Six mice were spent 91 days on board the Internationals Space Station in 2009, or seven years in the life of a mouse. Comparing their tissue characteristics with mice living in the same conditions, only on Earth, researchers found micro-gravity induces some peculiar biological changes. For instance, the mice’s skin was thinner and their hair grew more. Like humans, mice too suffer from muscle and bone atrophy in micro-gravity, which prompted scientists to consider them as reliable models for studying the effect of living in space for extended periods of time. Previously, human astronauts have complained about skin dryness and irritation and these latest findings seems to suggest that these may indeed be caused by micro-gravity.
The study is one of 20 experiments looking at various parts of the mice to measure the health effects of zero-g. Of the six mice delivered to the ISS in August 2009 by the Discovery shuttle, only three survived and were returned home safely. The mice lived in special containers, each sealed from one another. Feeding, air and waste was management by an automatic system and astronauts were merely tasked with watching over them. Six other mice, living in exact conditions, were kept for the same time frame in lab back on Earth.
Dr Betty Nusgens from the University of Liege in Belgium is one of the authors involved in the study. She and colleagues collected and analyzed samples taken from the space mice and compared them to those living in the replica drawer system. The outer layer of the skin was much thinner than normally. Also, some peculiar changes occurred in their hair follicles. Typically, hair cycle growth consists of growth, rest, growth. But the mice’s fur grew without rest, and the researchers don’t know how or why this happens. Genetic analyses showed changes in how the space mice were creating skin and hair proteins, suggesting that weightlessness disrupts the skin at the level of DNA and RNA – this is the prime suspect so far.
“The main finding is that the skin of the mice that spent three months on the ISS became thinner than the control mice remaining on the ground,” Dr Nusgens said.
There were also some changes associated with the layer of muscle located directly under the skin. Humans, however, don’t have this muscle layer, nor do they have that much hair covering their bodies for that matter. The effects on the skin seem to resemble those reported by the astronauts, however.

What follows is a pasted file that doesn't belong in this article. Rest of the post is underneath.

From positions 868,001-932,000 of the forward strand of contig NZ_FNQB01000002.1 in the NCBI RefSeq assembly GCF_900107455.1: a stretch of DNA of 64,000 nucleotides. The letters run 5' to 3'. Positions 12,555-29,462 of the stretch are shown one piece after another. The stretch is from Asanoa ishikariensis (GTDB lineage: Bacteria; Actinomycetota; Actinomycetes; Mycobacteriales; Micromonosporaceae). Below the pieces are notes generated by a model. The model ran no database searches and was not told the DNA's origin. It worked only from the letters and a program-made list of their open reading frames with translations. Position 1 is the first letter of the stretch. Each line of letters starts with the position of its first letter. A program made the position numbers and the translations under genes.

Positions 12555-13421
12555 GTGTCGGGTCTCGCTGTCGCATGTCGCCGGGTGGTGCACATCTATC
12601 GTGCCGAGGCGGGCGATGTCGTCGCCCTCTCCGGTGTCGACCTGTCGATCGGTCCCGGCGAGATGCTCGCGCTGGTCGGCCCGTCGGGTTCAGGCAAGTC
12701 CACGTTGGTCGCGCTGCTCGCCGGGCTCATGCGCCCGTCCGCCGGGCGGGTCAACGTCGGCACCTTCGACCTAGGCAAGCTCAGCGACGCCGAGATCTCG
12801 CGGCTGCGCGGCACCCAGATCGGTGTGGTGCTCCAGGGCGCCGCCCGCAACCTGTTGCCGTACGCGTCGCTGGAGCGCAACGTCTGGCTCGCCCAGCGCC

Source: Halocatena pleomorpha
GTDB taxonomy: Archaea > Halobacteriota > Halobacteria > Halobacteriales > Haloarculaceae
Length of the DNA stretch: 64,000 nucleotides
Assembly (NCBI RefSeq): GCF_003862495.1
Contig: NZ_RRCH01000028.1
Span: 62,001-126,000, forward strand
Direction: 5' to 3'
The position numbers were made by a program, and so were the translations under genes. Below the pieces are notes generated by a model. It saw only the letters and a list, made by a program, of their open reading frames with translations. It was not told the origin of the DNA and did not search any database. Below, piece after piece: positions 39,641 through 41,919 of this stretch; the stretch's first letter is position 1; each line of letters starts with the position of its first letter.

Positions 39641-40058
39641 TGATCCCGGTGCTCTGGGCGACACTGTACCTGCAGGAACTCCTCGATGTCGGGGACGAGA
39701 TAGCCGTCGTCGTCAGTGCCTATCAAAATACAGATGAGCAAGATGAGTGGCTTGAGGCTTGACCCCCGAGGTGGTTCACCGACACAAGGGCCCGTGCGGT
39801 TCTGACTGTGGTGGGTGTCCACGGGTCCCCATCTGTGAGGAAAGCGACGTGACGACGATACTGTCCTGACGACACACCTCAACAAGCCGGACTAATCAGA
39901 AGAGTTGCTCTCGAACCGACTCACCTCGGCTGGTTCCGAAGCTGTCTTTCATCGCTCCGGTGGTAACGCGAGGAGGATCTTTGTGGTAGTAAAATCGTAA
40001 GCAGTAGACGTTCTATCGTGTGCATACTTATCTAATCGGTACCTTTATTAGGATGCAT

Of course, three mice is such a small sample size and results should be interpreted cautiously. Back on Earth, no journal would have accepted it for publishing, but these are extreme conditions. You don’t get to put mice on the ISS too often, not to mention for that long. It’s, in fact, the longest any non-human animal has stayed on the space station. Mice are interesting for this sort of research since time flows differently for them than for humans, biologically speaking. In those 91 days, the mice aged the equivalent of seven human years, so studying the effects of long-term exposure to micro-gravity is a lot more effective. Apart from ants, no one seems to be fairing really well in space. If we’re to ever to become an interplanetary species, we first need to understand very well what happens to our bodies under different environmental conditions. And if you thought micro-gravity sounds though, well wait until you hear about cosmic radiation. Aboard the ISS, the radiation is still rather dim and under control, but on-route to Mars or farther out radiation becomes a huge concern, as it can incur permanent brain damage. There’s no way of shielding astronauts against it; not yet.
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